Even though anglers love to fish dry flies, the reality is surface insects comprise an exceedingly low percentage of a trout’s intake since nymphs and emergers stay in the water column longer. Therefore, in the absence of any physical evidence, nymphs should always be your first choice. To determine the pattern to use, turn over a few rocks in the stream and observe the type of nymph clinging to the bottom; paying most attention to the size. If you want to fish a dry fly, follow the same approach by capturing an airborne insect. Another technique is to dip a small, fine net into the current seam and examine the result. Match the creature captured to the closest pattern in your fly box and fish it using the best practices associated with presentation. If that size fails to produce, drop a size and try again. If you remain unsuccessful, switch to your oddball patterns. Trout love ants, mosquitoes are always around, and sometimes just throwing something totally different like a stimulator will do the trick.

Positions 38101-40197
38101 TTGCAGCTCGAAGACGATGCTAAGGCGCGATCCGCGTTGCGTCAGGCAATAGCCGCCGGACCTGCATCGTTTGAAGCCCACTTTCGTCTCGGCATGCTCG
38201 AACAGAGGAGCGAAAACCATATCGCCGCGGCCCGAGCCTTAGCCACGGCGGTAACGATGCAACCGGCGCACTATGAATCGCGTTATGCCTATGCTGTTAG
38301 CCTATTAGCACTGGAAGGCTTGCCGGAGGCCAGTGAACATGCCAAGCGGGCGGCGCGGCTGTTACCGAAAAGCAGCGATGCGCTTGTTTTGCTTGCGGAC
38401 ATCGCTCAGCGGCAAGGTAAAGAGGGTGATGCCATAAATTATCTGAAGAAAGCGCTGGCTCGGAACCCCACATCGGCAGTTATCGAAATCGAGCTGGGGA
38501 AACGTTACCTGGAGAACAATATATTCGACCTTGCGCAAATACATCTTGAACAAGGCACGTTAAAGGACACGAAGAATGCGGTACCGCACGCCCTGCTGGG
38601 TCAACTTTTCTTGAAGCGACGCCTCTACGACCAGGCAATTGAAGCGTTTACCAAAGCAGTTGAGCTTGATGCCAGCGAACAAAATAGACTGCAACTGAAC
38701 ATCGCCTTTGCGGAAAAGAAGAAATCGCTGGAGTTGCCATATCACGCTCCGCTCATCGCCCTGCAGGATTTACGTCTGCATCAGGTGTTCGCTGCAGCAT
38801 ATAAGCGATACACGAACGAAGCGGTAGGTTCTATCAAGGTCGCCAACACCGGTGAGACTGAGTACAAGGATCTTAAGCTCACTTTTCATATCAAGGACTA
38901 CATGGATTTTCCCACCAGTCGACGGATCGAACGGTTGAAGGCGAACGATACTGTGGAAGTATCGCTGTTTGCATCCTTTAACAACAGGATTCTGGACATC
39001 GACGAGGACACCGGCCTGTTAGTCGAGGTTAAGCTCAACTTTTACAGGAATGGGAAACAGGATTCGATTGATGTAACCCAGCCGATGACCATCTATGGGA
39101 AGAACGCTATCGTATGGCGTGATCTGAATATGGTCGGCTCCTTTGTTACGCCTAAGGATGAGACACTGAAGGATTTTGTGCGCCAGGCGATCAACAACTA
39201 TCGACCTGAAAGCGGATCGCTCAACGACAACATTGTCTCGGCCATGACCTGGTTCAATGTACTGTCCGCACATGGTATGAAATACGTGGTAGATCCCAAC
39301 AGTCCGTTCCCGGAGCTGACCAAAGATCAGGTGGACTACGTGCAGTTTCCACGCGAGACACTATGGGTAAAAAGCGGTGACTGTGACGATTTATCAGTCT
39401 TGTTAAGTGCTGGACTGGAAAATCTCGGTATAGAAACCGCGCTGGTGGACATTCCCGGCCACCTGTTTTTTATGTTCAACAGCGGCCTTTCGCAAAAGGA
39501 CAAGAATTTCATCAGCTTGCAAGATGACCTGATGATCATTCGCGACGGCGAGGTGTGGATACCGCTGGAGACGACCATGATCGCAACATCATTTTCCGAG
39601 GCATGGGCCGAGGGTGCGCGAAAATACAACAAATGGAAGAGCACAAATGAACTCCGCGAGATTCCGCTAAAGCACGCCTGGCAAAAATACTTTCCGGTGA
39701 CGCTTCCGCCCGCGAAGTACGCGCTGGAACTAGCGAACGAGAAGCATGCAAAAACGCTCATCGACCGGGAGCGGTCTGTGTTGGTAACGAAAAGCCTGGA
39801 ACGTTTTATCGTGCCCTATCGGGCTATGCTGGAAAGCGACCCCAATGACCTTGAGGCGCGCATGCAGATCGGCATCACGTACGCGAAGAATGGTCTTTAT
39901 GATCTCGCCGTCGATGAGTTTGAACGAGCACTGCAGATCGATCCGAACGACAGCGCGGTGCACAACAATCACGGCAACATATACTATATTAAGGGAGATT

Match size, general appearance, and color. Beyond that, the more you know about the lifecycle and appearance of insects along with the fly patterns proven to be effective in matching that lifecycle stage, the more productive you will be. Two good references are Handbook of Hatches by Dave Hughes, and Matching Hatches Made Easy by Charles Meck.

Final Tip: Chances are you will end up buying plenty of flies that “look good.” A way to sort out those that catch fish rather than your wallet is to carry an extra fly box. When one of those “good looking” flies catches something, move it to the extra box. Over time, it will become your primary box; proven effective for your local water. The others? Don’t throw them out… you never know…